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YouTube's recommendations still push harmful videos, crowdsourced study finds

An investigation from the Mozilla Foundation asked more than 37,000 YouTube users to act as watchdogs and report harmful content.
Two brothers watch a Brazilian Youtube gaming channel at their house in Rio de Janeiro on Jan. 3, 2019.Mauro Pimentel / AFP via Getty Images file

YouTube’s recommendation algorithm suggests videos with misinformation, violence, hate speech and other content that violates its own policies, researchers say. 

A new crowdsourced investigation from the Mozilla Foundation, the nonprofit behind the Firefox web browser, asked more than 37,000 YouTube users to act as watchdogs and report harmful content through a browser extension that was then analyzed by research assistants at the University of Exeter in England. That user-supplied content included Covid-19 misinformation, political conspiracy theories, and both violent and graphic content, including sexual content that appeared to be cartoons for children, the analysis found. 

A majority — 71 percent — of all the reports came from videos recommended by YouTube’s algorithm,  and recommended videos were 40 percent more likely to be reported than intentionally searched-for videos, according to the report. Reported videos also out-performed other videos, acquiring 70 percent more views per day than others watched by volunteers. 

“When it's actively suggesting that people watch content that violates YouTube’s policies, the algorithm seems to be working at odds with the platform's stated aims, their own community guidelines, and the goal of making the platform a safe place for people,” said Brandi Geurkink, Mozilla’s senior manager of advocacy.

The report provides a fresh look into YouTube's recommendation system, which has come under fire in recent years for its propensity to push some viewers to more extreme content. YouTube has made some changes to the system, but it remains a source of concern among internet activists and extremism researchers.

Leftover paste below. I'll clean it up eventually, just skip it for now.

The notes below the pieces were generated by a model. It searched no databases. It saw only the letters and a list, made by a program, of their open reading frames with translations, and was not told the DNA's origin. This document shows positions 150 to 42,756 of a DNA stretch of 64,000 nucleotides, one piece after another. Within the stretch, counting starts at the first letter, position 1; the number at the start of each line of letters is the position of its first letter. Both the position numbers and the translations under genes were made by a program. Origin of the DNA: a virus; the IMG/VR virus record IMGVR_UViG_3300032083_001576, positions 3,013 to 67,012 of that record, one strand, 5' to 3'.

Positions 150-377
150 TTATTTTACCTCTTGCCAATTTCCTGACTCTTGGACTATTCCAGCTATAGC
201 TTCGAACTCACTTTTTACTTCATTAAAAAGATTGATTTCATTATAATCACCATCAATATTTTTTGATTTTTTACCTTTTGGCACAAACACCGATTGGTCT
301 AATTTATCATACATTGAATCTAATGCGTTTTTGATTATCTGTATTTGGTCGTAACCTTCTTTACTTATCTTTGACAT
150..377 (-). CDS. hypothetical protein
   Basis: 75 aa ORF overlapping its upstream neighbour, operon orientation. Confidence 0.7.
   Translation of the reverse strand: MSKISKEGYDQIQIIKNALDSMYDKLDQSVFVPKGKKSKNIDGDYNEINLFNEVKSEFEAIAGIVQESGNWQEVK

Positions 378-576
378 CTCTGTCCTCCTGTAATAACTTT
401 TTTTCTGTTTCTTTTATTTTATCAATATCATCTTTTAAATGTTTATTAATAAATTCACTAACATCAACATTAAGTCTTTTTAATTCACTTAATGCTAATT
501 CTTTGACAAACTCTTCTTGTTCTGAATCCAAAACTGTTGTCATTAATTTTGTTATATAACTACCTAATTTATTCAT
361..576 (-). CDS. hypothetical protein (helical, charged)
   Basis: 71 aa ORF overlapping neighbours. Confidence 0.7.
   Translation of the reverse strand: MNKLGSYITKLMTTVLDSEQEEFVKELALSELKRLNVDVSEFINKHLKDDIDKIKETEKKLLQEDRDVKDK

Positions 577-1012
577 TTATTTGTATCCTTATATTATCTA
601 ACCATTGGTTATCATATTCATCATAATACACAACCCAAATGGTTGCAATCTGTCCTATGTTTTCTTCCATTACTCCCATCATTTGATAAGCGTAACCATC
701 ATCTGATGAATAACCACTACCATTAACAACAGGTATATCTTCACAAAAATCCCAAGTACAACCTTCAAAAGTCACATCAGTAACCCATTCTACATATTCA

The crowdsourced research is both the largest of its kind and just “the tip of the iceberg,” according to Mozilla’s report. The research, based on 3,362 self-identified “regrettable” videos, from 91 countries from July 2020 to May, offers a limited but important window into YouTube’s opaque recommendation machine. 

YouTube said videos promoted by the recommendation system result in more than 200 million views a day from its homepage, and that it pulls in more than 80 billion pieces of information. 

"We constantly work to improve the experience on YouTube and over the past year alone, we’ve launched over 30 different changes to reduce recommendations of harmful content," the company said in a statement. "Thanks to this change, consumption of borderline content that comes from our recommendations is now significantly below 1 percent.”

YouTube is the second-most popular website in the world, after its parent company, Google. Yet little is known about its recommendation algorithm, which drives 70 percent of what users watch.

The report highlights the ways in which non-English speaking videos are more likely to be amplified and escape moderation. The rate of “regrettable” videos were 60 percent higher in non-English speaking countries (most notably in Brazil, Germany and France) and harmful videos related to the pandemic were more common in non-English languages.

Nearly 200 videos recommended to volunteers were eventually removed by YouTube, according to the report. These videos had a collective 160 million views before their removal.

Mozilla first published individual stories from users who reported negative experiences with YouTube in 2019 as part of a campaign they called “YouTube Regrets.” Those stories of radicalization and falling down rabbit holes mirror findings from investigations into the dangers of social media algorithms published by news organizations and academic researchers. Mozilla’s newest research was an attempt to work around YouTube’s reluctance to provide researchers with data and validate the anecdotal evidence from its original project, Geurkink said. 

“If YouTube wouldn’t release any data, we could just ask people to send it to us instead,” Geurkink said. “I was struck by how quickly the data confirmed some of the things that we had already been hearing from people.”

The report recommended several solutions, including that users update their data settings on YouTube and Google, that platforms publish transparency reports including information about recommendation algorithms, and that policymakers enact regulations that mandate such transparency. YouTube’s current quarterly reports include limited data on video removals and views. 

“Ultimately what we need is more robust oversight, genuine transparency and the ability to scrutinize these systems,” Geurkink said. “We can't just continue to have this paradigm where researchers raise issues, companies say ‘OK, it’s solved,’ and we go on with our lives.”